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First lessons learnt related to Cyber Offensive actions led by Russia against Ukraine – How sh


Known recent cyberattacks originating from Russia include the following. Despite the fact that there is no magic way to increase in a very short period of time the level of Cyber Protection of a company, here are my (non-exhaustive) thoughts related to how you should protect against these threats or at least strengthen your cyber-posture.

  1. Distributed Denial Of Service (DDoS) attacks,

  2. Mainly observed against military, gov, media and banking critical services by Russia

  3. To prevent or mitigate such threats, you should consider:

  4. shutting down any server/service that is not necessary

  5. implementing network anti DDoS systems (eg: Arbor DDoS Protection Solutions (NETSCOUT), KONA Site Defender) for your critical services (that must be identified)

  6. contacting your telco operator to prepare an adhoc reaction procedure to a DDoS attack

  7. Website defacements

  8. Mainly against gov sites

  9. Probably coming from APT (Advanced Persistant Threat) UNC1151, with similar weapons than APT29 Russian state-sponsored group

  10. To prevent or mitigate such threats, you should consider:

  11. Ensuring that you have a full inventory of your websites (eg: Cycognito, Uncovery, Palo Alto Cortex Xpanse)

  12. Checking that they don’t have any [critical] vulnerability (eg: using a vulnerability scanner such as Rapid7 Insight VM)

  13. Filtering traffic at network level using regular or application firewalls – WAF (eg: Checkpoint, Palo Alto)

  14. Fixing all such vulnerabilities or deactivating related services temporarily, otherwise consider virtual patch management solutions for limited periods of time (eg: TrendMicro)

  15. Activating 2 (or multi) factor (2FA/MFA) authentication to prevent unauthorized accesses to your systems from Internet

  16. Activating mechanisms to automatically ban sources that have failed to authenticate several times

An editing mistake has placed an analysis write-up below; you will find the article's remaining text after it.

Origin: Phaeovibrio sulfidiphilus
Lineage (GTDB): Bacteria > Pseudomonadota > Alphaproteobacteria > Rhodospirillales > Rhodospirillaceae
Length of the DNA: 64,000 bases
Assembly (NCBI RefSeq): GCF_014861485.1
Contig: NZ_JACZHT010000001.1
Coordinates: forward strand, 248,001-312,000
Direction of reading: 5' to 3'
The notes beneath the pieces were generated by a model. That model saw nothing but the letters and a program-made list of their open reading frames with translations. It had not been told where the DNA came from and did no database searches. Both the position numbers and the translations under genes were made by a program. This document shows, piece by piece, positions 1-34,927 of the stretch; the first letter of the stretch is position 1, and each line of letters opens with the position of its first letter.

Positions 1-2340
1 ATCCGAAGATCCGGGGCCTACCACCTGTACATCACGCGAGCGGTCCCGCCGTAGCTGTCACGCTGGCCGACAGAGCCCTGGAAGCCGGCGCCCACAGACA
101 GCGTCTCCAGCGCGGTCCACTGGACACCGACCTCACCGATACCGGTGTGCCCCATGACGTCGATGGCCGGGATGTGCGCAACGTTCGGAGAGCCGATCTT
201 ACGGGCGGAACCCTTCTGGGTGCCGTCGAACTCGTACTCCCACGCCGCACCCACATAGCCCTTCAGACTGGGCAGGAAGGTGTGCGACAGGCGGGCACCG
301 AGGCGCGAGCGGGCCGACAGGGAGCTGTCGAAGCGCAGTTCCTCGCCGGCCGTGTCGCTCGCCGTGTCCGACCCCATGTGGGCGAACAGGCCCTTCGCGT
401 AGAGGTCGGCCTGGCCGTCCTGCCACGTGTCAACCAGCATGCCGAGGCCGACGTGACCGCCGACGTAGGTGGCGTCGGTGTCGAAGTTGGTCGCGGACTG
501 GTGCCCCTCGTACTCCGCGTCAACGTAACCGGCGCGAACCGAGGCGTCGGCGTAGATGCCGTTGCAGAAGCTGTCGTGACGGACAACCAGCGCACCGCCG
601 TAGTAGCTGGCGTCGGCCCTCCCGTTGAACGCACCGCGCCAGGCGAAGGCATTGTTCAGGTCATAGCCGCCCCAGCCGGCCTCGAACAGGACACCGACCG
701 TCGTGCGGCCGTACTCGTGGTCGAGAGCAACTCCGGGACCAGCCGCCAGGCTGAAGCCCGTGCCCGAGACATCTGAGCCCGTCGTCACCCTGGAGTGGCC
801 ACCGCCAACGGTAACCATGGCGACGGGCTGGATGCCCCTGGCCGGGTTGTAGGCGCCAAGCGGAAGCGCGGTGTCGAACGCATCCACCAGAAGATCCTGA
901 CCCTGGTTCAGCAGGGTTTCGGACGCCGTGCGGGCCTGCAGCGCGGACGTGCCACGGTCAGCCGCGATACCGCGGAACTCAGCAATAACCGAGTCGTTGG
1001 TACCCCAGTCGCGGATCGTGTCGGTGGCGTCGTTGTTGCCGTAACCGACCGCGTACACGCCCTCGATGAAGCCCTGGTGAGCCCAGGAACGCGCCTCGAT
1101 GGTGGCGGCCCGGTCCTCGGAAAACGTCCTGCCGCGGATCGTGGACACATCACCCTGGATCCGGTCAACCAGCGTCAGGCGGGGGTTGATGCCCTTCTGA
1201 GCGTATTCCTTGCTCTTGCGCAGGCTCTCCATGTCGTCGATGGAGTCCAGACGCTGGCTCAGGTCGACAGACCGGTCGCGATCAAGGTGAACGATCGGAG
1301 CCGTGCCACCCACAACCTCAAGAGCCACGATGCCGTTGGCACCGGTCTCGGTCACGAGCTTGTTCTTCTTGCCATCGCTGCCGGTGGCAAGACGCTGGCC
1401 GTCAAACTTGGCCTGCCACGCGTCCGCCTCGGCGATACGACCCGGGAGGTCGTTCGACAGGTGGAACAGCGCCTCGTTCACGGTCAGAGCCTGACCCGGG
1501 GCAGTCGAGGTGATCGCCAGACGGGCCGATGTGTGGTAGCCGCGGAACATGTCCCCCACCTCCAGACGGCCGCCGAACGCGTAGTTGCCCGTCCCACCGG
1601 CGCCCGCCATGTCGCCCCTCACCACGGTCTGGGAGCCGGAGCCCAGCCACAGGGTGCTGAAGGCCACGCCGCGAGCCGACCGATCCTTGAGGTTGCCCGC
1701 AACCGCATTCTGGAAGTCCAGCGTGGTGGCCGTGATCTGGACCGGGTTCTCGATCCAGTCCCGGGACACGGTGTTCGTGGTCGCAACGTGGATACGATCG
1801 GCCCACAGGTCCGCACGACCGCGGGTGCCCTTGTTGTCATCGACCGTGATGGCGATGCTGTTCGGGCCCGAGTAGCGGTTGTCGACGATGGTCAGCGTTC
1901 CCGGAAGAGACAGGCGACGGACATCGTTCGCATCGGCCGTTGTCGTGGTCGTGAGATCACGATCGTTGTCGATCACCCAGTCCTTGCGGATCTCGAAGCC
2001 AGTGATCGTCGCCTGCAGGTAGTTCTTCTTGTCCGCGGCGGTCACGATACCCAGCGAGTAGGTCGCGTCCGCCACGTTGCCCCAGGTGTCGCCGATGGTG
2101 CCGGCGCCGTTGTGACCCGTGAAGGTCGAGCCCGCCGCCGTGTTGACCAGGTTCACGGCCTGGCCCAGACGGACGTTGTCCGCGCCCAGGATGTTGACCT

17. Fraudulent messaging

  18. SMS phishing (Smishing), typically pretending that there was a bank issue to trap target users

  19. To prevent or mitigate such threats, you should consider:

  20. Increasing the awareness programs of your users (eg: KnowBe4 service). Inform them in particular about attempts to steal their credentials using phishing websites or alike

  21. Implementing or reviewing the configuration of your Anti SPAM systems (eg: CISCO IronPort, Barracuda Networks)

  22. Malware attacks

  23. Known code names are WhisperGate & Hermetic Wiper. Both aim at destroying files/filesystems, as opposed to ransomwares for which data access recovery is possible

  24. Mainly against gov, communications, non profit organizations, e-services for citizens, IT organizations

  25. To prevent or mitigate such threats, you should consider:

  26. Implementing robust cloud proxy (in particular isolation techniques, such as Menlo Security) and Cloud Application Security Broker – CASB solutions (eg: NetSkope CASB, Microsoft CASB, etc.)

  27. Implementing best in class Endpoint Detection & Response – EDR (eg: Cybereason, Mandiant) in a Managed Service mode (unless you’re lucky to have the proper internal ressources to manage it)

  28. Making sure that such Managed Detection and Response – MDR or EDR and other CyberSecurity solutions are fed with all necessary Indices of Compromise (IoCs), that you either get from free (open) or commercial sources (eg: Recorded Future). To manage these IoCs, you may consider using a Threat Intelligence Platform (eg: Threat Quotient, Anomali), but I also strongly encourage you to contact us at CIX-A, to join our European Alliance of CISOs again hackers and other threats!

  29. Contracting with a Rapid Reaction Force supplier to react to any major cyber-attack (eg: Cybereason Incident Response)

  30. Generating off-line backups of your most critical systems and data and ensuring that you have properly documented how to restore them (or even already performed successful drills)

  31. And of course updating your systems (cyber-hygiene) as often as possible, don’t forget to reboot them immediately when necessary

In addition to all of the above, you’ll need to :

  1. closely collect, consolidate and monitor your logs (eg: Elastic Cloud, Rapid7 Insight IDR)

  2. request your partners and suppliers to inform you immediately in case of detection of a proven cyber incident on their assets

  3. and be ready to react to detected incidents, be them suspicious or proven.

  4. To do so, numerous companies offer a Security Operation Center (SOC) service or Incident Response ressources that are worth considering. If you already contracted such service, consider increasing its level of vigilance on your known critical assets

  5. You may also prepare to segment your network, to confine any detected attack. To do so, you’ll need a proper inventory of your business critical assets

  6. Again, here, I also encourage you to join CIX-A, as we share technical critical and actionable information (including various cheat sheets, and IoCs) to respond to cyber-attacks!

Here are some interesting / relevant URLs that are worth mentioning:

  1. Palo Alto’s Unit42 page on Gamaredon Group (aka Primitive Bear), one of the most active existing Advanced Persistent Threats (APT) group targeting Ukraine

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